People my age like to think this is, in part, because of social media — you put your social lives online. On Snapchat and Instagram, you are constantly comparing yourselves to others. We even have a word –– FoMO –– to describe the special angst of missing out on things you see others doing that, in my generation, we most likely would have never known were happening.
I think there is more going on than that. I think there are vulnerabilities here in this room that are not often enough addressed.
I am bringing up mental health because it matters for your long term happiness. I teach in a university. I see students, just like you, who have successfully navigated the perils of schooling, who got sorted in the right ways. They, like you, are creative, inquisitive, driven. Sometimes, they end up in my office, and I offer tissues as they share their concerns and their worries. I see that too often they are led to believe that their value as a person is directly tied to their achievement.
So much emphasis in high school is on getting into the best college. And what happens if you manage to get there? We all hear of the benefits: Great education, valuable social network, important internship opportunities, a “brand name” university on your resume.
What we hear about a lot less are the risks to you, as a person and a human being.
Jamie O’Keeffe, an educational researcher at Stanford University, studied high achieving undergraduates at a top-tier university and how they contend with the pressures to achieve. She describes that when students “make it” to a selective university, they feel pressure to maintain the image of a “total winner”: the ideal self-made individual who excels without effort, confidently demonstrating genuine intellectual passion and desire to make a difference in the world, while effectively realizing increasingly greater achievements.
Paradoxically, this pressure makes it harder to maintain a sense of wellbeing. They experience stress, insecurity, and self-criticism, as any sense of struggle or failure feels like it is evidence against their legitimacy there. We have a name for that feeling. It’s called impostor syndrome. These feelings are amplified for first generation college students or students from historically marginalized groups.
So what is my message? Do I recommend slacking off? Bailing on NHS and aiming for the middle?
No. Absolutely not. As I started out saying, what you have done is commendable, maybe more so than many even realize. It is worthy of the honor you are receiving.
All of you sitting here belong here.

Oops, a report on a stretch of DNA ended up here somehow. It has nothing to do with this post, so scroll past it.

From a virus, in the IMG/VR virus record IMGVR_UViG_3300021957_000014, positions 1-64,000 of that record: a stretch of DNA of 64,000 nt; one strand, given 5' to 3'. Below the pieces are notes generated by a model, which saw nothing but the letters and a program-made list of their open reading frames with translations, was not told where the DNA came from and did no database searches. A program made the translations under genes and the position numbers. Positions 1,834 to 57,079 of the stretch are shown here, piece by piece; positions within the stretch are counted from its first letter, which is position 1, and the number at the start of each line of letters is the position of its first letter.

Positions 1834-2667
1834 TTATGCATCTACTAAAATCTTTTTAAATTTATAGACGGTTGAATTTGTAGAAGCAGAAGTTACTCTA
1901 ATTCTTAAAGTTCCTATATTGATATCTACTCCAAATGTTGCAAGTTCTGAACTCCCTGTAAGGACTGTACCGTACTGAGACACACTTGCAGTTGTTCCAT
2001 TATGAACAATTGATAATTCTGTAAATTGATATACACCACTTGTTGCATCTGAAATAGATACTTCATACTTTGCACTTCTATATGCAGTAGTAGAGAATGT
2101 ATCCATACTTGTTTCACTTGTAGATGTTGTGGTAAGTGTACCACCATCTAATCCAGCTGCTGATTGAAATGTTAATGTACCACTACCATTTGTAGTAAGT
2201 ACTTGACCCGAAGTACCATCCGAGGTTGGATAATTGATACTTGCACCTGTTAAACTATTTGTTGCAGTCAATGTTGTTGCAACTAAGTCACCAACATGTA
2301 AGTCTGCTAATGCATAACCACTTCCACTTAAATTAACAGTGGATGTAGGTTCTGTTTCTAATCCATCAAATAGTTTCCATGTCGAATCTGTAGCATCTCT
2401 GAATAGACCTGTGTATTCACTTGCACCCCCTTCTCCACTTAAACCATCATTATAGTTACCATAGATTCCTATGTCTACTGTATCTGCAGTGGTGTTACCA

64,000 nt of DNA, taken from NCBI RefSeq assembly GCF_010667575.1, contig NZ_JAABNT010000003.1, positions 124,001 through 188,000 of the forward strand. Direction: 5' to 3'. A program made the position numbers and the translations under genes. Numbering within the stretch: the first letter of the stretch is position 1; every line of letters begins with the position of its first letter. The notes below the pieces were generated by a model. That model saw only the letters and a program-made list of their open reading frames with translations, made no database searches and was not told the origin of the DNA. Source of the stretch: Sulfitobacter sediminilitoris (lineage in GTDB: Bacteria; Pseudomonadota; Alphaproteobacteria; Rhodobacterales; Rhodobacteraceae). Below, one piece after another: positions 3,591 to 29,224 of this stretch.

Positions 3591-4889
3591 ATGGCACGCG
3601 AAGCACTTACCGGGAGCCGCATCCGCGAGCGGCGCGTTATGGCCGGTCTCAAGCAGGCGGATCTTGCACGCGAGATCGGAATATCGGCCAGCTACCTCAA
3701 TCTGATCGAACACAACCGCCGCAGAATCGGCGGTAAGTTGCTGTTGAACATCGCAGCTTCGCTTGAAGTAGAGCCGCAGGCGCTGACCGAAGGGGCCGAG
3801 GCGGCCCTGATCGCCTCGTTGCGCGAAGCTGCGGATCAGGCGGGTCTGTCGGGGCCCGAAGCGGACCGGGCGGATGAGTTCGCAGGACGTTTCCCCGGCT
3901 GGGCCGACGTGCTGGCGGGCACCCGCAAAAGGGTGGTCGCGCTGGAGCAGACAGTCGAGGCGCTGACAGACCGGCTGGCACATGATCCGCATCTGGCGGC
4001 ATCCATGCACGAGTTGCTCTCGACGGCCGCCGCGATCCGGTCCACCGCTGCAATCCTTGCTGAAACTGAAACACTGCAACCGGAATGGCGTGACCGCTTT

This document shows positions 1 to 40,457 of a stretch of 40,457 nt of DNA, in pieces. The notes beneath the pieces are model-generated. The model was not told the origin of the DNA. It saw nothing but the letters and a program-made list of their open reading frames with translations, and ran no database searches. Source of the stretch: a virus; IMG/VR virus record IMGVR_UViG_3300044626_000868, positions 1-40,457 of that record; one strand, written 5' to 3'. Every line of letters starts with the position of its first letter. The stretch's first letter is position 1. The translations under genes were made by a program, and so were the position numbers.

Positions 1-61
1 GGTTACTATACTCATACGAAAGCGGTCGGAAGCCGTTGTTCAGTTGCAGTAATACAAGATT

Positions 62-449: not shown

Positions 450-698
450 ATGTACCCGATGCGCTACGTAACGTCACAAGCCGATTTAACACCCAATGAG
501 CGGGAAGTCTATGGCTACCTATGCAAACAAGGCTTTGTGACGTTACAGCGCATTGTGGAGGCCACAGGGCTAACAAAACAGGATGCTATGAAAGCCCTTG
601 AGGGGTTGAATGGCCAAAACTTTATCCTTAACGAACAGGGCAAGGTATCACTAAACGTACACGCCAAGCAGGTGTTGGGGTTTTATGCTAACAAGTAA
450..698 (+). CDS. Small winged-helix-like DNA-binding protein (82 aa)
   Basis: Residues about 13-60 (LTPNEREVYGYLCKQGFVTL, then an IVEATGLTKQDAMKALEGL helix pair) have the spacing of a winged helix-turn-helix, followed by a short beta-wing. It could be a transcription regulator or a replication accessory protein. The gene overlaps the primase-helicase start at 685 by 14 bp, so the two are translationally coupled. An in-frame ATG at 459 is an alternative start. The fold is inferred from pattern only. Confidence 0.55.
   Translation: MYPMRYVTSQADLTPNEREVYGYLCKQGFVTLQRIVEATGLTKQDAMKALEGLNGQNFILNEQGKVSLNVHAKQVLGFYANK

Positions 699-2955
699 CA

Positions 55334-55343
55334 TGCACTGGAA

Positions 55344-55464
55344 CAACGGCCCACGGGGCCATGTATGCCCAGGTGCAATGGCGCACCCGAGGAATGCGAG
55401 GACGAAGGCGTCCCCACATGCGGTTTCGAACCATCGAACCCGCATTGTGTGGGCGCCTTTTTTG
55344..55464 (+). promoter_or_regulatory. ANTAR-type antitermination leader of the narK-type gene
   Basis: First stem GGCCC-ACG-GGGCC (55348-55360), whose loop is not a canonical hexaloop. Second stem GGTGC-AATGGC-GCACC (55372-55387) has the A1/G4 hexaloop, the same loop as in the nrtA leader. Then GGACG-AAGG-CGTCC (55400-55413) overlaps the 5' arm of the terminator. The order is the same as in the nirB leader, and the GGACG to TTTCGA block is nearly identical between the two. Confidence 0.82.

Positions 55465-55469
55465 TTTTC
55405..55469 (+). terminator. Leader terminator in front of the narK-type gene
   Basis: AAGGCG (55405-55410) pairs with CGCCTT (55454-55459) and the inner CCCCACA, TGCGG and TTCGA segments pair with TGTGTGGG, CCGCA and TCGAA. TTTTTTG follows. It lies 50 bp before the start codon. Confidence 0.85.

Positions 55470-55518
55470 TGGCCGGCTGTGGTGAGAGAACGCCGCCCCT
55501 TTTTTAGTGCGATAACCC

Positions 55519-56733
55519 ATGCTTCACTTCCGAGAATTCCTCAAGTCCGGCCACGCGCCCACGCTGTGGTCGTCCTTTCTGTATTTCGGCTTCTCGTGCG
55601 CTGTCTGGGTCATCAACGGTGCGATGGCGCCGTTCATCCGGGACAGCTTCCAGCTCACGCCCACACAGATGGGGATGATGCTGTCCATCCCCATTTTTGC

I suggest you follow Albert Einstein’s advice: “Try not to become a person of success, but rather try to become a person of value.”
I just want you to remember that you are more than your achievements. You are more than what you can list on the Common App next Fall. In fact, much of what is so precious about you won’t ever make it into that form.
I also am asking you to remember this. Aim to be honorable, not only in the ways that got you here tonight, but honorable to your friend who needs you to listen. Be honorable as children to your parents who have cared for you all these years. Be honorable as members of your communities –– your churches, synagogues, mosques, or whatever you consider your community. Be honorable to strangers in need. Be honorable to the students who struggle more than you do, the ones who are not here today.
Being honorable means doing what is right. And doing what is right is not always easy. It is not always obvious. Part of being honorable involves really knowing what you stand for and what you care about. It means knowing who you are. That should, ideally, be a part of your education too.
What does this have to do with mental health? In my experience, people who know who they are tend to hit those challenges, those setbacks, those inevitable and often unexpected bumps in the road with, if not grace, with inner strength. They get knocked down, but they see a bigger picture, a larger purpose. They have people they can lean on, a sense of their own value beyond whatever went wrong. In this way, they maintain their perspective, even when they are shown to be less than a “total winner.”
From honor –– true honor –– comes strength in the face of adversity.
So congratulations on this honor. Be sure to cultivate it, and I wish you all a good life.